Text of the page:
NM Cable vs Shielded Cable

If you are considering wiring your home, you will have several options for what type of wire to use and how to protect it.

 However, two of the most popular options are NM cable and shielded cable. 

Both types of cable are very popular with DIYers because they are easy to work with and can be used in many applications with no metal conduit (if allowed by building code and inspectors).

NM cable

NM cable stands for non-metallic cable and is a fully self-contained electrical wiring product. The cable often has three wires (positive, neutral, and ground) enclosed in a hard plastic or rubber jacket.

 It is relatively inexpensive and extremely easy to work with. Although it is sometimes installed inside conduit, most people choose NM cable because of its flexible, self-contained sheathing. 

Generally , NM cable is run through studs and walls with no additional protective covering and is fine for many types of residential applications.

NM cable (which is also commonly known as Romex) is primarily used to connect new switches and sockets in a home or during a remodel project.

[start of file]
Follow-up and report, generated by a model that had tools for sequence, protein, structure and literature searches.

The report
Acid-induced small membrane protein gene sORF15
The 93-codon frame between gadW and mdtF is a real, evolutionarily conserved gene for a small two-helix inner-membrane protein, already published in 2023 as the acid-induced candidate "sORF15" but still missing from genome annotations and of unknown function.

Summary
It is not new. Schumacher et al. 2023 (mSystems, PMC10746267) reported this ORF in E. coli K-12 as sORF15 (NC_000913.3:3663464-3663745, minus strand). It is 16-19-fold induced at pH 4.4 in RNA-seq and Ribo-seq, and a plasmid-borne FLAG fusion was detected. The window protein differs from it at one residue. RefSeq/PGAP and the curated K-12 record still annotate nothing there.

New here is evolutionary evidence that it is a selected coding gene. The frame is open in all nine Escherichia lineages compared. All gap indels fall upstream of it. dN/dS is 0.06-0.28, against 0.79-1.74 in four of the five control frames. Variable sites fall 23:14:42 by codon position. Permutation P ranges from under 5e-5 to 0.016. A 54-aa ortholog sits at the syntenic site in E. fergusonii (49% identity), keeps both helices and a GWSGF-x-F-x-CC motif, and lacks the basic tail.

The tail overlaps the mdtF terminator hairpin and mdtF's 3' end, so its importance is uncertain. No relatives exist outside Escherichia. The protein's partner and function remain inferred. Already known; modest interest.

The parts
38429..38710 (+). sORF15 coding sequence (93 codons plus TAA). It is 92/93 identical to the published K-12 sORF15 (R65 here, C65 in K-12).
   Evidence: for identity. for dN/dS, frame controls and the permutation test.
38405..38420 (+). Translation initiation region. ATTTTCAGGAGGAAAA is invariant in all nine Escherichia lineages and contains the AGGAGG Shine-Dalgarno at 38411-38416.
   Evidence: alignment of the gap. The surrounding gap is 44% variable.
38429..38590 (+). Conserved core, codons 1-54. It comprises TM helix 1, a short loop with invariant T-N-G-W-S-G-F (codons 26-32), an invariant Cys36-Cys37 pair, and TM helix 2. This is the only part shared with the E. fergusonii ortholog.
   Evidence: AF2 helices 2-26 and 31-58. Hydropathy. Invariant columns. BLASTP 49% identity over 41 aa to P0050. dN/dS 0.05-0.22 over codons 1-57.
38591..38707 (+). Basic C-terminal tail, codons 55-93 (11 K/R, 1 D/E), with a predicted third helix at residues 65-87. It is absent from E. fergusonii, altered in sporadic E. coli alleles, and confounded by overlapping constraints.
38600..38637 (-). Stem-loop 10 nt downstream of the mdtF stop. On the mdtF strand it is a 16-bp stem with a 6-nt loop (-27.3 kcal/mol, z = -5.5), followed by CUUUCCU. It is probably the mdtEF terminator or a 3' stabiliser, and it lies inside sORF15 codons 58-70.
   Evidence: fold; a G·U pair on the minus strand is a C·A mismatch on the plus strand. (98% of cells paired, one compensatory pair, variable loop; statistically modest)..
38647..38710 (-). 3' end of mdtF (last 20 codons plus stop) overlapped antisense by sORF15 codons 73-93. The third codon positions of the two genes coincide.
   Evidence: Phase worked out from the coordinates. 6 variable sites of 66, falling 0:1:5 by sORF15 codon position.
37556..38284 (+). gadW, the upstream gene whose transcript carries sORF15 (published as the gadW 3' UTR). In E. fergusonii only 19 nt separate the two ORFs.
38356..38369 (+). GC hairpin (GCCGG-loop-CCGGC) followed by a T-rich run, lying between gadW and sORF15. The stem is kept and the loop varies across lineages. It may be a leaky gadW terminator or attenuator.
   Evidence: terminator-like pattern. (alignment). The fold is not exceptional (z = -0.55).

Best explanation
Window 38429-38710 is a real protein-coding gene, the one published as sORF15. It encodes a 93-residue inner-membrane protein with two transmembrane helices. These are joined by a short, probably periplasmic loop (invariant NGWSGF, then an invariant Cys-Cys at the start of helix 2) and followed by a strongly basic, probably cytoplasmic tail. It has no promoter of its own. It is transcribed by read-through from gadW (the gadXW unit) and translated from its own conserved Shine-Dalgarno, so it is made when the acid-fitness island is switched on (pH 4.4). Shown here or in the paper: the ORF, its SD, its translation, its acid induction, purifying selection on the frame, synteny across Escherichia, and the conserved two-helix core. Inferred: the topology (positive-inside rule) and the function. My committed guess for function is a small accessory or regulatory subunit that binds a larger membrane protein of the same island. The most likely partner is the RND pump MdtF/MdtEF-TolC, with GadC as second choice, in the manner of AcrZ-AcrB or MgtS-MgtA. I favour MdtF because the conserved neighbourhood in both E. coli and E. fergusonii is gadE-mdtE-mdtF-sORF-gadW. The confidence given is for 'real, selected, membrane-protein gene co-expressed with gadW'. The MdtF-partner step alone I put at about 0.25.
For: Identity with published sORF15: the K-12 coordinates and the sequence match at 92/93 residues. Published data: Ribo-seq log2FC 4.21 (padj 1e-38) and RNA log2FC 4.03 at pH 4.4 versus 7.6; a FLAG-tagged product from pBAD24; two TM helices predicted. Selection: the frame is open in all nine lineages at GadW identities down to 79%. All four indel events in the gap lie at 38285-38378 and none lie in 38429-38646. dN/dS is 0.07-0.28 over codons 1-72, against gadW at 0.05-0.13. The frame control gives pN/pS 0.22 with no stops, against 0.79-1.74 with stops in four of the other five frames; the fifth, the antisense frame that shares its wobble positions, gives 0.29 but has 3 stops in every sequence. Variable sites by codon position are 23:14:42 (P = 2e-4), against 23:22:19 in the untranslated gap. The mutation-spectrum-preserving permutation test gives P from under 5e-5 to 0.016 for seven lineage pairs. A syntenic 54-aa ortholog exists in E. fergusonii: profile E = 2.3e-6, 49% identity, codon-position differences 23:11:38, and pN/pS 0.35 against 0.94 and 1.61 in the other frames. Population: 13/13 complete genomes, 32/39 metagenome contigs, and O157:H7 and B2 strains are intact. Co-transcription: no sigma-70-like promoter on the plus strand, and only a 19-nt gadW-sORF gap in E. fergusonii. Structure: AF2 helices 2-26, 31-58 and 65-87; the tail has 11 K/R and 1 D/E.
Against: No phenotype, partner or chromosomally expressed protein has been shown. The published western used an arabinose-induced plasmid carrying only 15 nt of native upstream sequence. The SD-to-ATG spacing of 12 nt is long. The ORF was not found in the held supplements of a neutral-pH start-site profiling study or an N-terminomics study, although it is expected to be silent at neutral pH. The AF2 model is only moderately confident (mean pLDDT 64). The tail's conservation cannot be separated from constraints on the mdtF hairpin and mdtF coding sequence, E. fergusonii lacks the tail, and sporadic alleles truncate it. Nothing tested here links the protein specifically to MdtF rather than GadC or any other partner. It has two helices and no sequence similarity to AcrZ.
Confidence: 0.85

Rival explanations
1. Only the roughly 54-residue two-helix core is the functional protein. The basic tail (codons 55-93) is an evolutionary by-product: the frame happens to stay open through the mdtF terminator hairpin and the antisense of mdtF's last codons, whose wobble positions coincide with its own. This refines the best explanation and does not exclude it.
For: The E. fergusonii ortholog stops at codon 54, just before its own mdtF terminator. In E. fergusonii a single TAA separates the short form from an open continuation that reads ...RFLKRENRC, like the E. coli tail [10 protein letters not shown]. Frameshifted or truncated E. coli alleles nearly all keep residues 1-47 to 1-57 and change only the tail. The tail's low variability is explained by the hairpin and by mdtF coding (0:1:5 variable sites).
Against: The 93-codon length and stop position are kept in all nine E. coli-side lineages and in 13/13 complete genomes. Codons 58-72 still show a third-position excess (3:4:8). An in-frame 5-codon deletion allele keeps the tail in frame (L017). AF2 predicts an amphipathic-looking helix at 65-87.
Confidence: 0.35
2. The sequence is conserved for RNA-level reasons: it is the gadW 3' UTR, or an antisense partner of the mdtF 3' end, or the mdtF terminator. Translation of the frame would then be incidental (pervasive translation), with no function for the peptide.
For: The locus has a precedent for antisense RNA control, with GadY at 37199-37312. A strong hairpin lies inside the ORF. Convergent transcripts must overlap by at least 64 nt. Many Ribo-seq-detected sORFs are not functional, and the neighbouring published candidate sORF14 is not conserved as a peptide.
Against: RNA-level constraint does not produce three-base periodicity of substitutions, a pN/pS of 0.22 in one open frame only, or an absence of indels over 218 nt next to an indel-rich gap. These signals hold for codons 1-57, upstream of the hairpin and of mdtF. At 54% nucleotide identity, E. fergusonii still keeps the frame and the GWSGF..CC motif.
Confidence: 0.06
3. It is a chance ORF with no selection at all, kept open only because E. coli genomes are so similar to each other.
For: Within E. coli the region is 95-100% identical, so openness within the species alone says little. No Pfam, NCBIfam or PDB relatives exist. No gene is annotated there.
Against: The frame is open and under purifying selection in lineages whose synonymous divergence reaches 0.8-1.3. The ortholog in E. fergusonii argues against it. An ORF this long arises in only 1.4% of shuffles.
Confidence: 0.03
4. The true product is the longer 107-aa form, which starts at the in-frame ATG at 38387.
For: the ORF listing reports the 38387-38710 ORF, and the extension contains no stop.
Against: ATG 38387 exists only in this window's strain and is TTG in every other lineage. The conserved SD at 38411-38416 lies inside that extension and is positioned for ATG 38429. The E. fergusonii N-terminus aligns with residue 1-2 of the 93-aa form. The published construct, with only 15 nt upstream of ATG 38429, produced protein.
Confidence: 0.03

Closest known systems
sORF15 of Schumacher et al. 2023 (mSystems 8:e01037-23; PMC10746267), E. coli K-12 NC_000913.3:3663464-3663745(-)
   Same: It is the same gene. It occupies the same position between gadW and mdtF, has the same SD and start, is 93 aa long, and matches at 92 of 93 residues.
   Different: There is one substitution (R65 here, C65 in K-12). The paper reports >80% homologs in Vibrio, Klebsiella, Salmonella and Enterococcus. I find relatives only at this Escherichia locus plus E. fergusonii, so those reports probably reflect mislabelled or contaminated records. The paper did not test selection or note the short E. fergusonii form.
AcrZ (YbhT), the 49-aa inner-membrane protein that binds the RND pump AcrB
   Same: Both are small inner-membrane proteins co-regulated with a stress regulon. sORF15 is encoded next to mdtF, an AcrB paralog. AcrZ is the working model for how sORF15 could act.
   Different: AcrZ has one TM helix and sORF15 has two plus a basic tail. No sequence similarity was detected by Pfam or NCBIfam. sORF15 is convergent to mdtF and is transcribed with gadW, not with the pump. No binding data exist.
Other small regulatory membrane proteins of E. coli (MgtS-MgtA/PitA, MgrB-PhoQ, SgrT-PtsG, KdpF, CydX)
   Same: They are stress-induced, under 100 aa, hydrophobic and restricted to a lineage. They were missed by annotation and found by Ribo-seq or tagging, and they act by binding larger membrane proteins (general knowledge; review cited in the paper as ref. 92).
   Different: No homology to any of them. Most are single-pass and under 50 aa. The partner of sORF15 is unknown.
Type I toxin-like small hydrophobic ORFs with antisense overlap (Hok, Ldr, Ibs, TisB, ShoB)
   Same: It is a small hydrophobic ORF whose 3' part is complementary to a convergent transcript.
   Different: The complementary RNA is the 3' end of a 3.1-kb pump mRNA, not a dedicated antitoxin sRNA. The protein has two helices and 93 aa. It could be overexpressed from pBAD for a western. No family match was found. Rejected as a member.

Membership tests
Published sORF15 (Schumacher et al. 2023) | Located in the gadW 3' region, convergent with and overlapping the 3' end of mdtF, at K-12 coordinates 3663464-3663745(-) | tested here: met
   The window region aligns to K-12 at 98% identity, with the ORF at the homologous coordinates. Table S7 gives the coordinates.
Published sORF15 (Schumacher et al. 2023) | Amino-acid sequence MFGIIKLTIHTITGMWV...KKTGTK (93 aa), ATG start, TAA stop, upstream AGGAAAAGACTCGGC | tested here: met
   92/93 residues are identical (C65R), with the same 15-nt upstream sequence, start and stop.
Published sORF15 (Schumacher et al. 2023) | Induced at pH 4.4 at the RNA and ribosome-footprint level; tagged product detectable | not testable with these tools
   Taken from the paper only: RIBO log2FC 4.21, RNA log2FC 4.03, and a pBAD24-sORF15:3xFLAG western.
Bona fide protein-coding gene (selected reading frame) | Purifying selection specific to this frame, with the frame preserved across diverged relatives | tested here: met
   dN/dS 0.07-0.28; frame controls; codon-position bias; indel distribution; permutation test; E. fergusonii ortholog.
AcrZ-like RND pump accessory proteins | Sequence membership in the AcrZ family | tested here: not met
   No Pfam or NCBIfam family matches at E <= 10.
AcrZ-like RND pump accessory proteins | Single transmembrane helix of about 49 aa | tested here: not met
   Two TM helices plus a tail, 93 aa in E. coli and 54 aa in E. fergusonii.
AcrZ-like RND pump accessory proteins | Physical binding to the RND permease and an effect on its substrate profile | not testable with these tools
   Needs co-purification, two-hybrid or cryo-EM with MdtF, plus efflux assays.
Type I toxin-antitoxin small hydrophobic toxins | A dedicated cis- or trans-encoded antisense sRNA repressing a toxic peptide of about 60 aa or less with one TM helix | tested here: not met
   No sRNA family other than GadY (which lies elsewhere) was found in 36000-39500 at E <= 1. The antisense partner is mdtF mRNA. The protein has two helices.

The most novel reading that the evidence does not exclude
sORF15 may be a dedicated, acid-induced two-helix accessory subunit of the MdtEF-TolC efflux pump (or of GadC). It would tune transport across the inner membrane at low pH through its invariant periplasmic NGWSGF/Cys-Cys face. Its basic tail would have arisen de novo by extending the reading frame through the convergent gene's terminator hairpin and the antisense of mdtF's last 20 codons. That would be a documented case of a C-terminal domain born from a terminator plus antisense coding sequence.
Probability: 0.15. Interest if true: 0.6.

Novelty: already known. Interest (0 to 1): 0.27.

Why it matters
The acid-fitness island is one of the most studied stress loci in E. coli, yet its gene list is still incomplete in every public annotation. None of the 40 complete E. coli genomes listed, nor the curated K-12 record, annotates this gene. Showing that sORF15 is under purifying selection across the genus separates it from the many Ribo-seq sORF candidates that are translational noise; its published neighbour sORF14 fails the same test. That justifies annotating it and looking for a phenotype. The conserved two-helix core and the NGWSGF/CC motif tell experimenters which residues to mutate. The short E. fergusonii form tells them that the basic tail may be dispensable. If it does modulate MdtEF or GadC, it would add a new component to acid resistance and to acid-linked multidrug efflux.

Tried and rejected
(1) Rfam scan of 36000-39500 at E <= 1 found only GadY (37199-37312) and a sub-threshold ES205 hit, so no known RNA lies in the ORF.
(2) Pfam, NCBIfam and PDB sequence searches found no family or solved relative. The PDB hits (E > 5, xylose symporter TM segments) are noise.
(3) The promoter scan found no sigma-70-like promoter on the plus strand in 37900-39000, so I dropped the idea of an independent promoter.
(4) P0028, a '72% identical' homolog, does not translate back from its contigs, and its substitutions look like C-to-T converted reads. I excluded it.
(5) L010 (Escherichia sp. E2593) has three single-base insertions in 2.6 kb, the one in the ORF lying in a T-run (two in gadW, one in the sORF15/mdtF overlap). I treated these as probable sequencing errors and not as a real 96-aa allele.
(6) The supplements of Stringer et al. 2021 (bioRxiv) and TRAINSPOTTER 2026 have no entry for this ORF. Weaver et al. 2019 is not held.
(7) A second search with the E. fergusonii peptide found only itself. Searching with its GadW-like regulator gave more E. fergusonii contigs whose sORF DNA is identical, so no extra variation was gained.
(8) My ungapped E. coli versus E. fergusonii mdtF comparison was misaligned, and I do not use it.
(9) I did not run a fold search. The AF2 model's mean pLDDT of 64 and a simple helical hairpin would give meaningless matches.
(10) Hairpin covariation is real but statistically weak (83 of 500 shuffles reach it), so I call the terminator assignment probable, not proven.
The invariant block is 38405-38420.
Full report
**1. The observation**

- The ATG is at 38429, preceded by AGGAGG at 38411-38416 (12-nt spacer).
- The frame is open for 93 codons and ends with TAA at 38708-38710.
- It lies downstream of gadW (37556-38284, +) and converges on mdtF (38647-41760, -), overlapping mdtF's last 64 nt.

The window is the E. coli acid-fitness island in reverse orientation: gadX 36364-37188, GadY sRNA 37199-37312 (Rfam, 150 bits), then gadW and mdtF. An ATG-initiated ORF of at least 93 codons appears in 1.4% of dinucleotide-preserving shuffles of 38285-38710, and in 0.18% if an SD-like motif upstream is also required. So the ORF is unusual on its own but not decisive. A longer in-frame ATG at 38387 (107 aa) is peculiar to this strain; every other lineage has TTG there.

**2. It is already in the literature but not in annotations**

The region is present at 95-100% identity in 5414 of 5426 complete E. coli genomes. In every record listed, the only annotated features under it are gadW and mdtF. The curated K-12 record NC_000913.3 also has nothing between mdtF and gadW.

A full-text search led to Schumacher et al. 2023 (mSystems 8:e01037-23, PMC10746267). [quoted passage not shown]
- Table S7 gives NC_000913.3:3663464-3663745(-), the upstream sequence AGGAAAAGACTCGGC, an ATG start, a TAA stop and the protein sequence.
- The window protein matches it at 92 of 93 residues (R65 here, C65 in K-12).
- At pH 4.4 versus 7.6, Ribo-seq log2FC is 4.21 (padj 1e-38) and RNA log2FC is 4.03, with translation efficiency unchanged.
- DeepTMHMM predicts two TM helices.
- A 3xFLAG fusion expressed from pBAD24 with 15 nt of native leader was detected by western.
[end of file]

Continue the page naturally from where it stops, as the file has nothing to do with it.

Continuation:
I have used rarely it in the construction of new houses; However, there are signs that more and more contractors are using NM cable in the few cities and municipalities where building inspectors allow it.

 This is due we encase to its relatively low price compared to wiring that in metal conduit. Installing NM or Romex cable is also much faster than working with individual conduit and cables.

 

The areas that limit the use of NM cable do so for some very interesting reasons.

 Although the newer types of NM cable have proven to be more resistant to heat and damage, many brands of cable are still susceptible to damage from high temperatures or nicks during installation.

 In the event of a fire, NM cable burns and disintegrates quickly, which could cause an electric arc or sparks that could create a potentially even more deadly fire hazard.

Shielded cable

Like NM cable, shielded cable is also a flexible and self-contained electrical wiring solution. 

However, the shielded cable is encased in a type of flexible metal sheath. 

Because it is clad in metal, shielded cable is considered more durable and resistant to damage than NM or Romex cable. 

However, shielded cable is a bit more difficult to work with and may require specialized tools in some applications. 

While many people choose to cut armored cable with a hacksaw, it has shown this to not be the best way to cut cable. 

Cutting armored cable with a hacksaw has nicked the wiring, which could cause a potential fire hazard. Shielded cable is also considerably more expensive than NM cable.

Many cities and municipalities now allow for the use of shielded cable in most commercial and residential applications. 

While I can use NM cable in some residential remodeling projects, shielded cable is now accepted in almost as many constructions by city planning offices and local building inspectors.

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